War of the Rebellion: Serial 005 Page 0568 OPERATIONS IN MD., N. VA., AND W. VA. Chapter XIV.

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intention of attempting the passage of the Potomac south of this city, near Aquia Creek, where they are erecting strong batteries, or at some other point. I will recommend to you the utmost vigilance, and that you continually bear in mind the necessity of securing your retreat towards Rockville should you be unable to prevent the passage of the enemy.

General Banks will be instructed to move up to your support in case of necessity, and will also be instructed to effect his retreat in the same direction in conjunction with you should it become necessary. It is still my which that the enemy's passage and subsequent advance should be opposed and retarded to the utmost of your ability, to give me time to make my arrangements and come up to your assistance.

A general order has been issued merging the Departments of Northeastern Virginia, the Shenandoah, and Baltimore into the Department of the Potomac, under my immediate command.

Steps have been taken which will secure us a large re-enforcement during the coming week.

* * * *

Very respectfully, your obedient servant,

GEO. B. MCCLELLAN,

Major-General, U. S. Army, Commanding Department.

HEADQUARTERS CORPS OF OBSERVATION,

Poolesville, August 19, 1861-1 p. m.

Major General GORGE B. MCCLELLAN,

Commanding Division Potomac, Washington, D. C.:

GENERAL: Your letter Numbers 1, of yesterday's date, is just received. I have made and caused to be made the most careful examinations practicable of the opposite side of the Potomac in front of my position, and believe that the only force in the immediate vicinity is a regiment of Mississippi troops at Leesburg and one of Mississippi or South Carolina troops on Goose Creek. The enemy appear to be throwing up additional entrenchments about 3 1/2 miles back from Edwards Ferry, on the Lessburg, but good for nothing for offensive operations. These works were commenced previous to the battle at Bull Run, and are now being extended, according to report. These works might be reached by shot from rifled gun planted on the heights above Edwards Ferry.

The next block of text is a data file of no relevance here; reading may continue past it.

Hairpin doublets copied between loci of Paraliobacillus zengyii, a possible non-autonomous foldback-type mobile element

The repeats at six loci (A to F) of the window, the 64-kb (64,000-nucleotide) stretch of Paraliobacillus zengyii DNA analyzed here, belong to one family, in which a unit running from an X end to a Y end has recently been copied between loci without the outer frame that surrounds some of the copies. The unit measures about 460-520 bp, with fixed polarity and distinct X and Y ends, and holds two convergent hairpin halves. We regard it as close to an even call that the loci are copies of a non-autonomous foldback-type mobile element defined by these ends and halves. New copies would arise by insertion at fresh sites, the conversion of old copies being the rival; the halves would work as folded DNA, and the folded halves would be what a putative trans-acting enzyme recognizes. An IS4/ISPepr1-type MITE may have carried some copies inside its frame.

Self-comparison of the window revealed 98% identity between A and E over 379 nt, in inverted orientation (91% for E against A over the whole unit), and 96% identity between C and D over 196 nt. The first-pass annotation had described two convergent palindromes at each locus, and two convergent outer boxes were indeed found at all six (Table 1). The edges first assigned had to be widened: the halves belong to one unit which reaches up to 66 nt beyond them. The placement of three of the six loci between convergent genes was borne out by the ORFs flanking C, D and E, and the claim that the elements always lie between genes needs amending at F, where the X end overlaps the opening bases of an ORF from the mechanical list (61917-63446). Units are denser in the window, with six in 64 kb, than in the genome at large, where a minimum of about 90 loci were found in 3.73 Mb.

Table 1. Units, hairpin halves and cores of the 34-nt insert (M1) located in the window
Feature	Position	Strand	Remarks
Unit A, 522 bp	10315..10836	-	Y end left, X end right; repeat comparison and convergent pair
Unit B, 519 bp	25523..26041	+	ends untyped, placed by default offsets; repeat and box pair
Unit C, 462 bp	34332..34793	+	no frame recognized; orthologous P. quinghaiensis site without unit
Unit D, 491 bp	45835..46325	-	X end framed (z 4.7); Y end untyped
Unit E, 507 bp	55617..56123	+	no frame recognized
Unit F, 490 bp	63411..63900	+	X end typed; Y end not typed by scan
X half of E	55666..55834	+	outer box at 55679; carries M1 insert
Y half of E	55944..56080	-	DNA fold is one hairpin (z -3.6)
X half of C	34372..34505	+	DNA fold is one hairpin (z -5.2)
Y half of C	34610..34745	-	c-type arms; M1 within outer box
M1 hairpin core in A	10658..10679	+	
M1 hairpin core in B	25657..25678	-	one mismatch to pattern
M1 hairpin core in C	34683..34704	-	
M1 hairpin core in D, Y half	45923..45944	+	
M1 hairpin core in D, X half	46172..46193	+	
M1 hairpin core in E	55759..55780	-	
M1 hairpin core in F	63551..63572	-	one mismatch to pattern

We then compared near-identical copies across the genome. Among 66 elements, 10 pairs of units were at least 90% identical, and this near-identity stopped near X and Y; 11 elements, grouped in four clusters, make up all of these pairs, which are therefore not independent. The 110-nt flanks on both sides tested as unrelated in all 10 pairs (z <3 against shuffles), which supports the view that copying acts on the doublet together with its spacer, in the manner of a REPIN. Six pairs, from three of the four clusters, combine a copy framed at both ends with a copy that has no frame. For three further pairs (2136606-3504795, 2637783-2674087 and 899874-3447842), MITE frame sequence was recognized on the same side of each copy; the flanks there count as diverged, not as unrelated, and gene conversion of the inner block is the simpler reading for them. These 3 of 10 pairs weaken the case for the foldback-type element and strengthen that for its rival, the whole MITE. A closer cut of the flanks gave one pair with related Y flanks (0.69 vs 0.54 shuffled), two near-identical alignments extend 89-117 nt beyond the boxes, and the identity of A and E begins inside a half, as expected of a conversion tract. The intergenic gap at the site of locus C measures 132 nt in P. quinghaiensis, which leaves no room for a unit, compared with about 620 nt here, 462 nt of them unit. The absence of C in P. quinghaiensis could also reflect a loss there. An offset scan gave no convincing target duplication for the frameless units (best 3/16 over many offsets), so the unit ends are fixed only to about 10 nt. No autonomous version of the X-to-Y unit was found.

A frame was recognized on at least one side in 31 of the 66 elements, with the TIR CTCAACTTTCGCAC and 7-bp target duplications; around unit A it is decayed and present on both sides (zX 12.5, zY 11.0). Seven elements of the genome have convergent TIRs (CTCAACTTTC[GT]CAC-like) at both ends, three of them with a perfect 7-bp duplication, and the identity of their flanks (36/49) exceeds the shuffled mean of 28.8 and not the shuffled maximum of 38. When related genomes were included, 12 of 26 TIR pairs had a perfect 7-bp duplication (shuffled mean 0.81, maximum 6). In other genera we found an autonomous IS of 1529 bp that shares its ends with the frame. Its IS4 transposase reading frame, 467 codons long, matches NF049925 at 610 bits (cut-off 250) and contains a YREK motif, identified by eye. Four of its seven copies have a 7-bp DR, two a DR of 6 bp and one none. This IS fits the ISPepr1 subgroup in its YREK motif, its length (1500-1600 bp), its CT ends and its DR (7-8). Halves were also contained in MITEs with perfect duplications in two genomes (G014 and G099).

The troops of this command are now posted as follows, commencing on the right: Three companies of the Second New York Militia [Eighty-second Volunteers] are stationed at the mouth of the Monocacy, with picket thrown out 2 miles above and the same distance below, connecting above with pickets of the Twenty-eighth Pennsylvania, of General Banks' command. This outpost is supported by the remainder of the Second Regiment, 300 strong only, stationed one-half mile from Poolesville, on the Monocacy road. A picket of cavalry patrols the vicinity of the Monocacy. the Tammany [Forty-second New York] regiment (Cogswell's) is stationed 1 mile from poolesville, on the road to Conrad's Ferry, and has four companies detached to watch that ferry. The strength of this regiment is 531 in camp, besides the four companies on outpost. The outpost at Conrad's throws out pickets to meet those from the Monocacy above and those from Edwards Ferry below. The Minnesota regiment (Gorman's), 788 strong, is stationed 2 1/2 miles from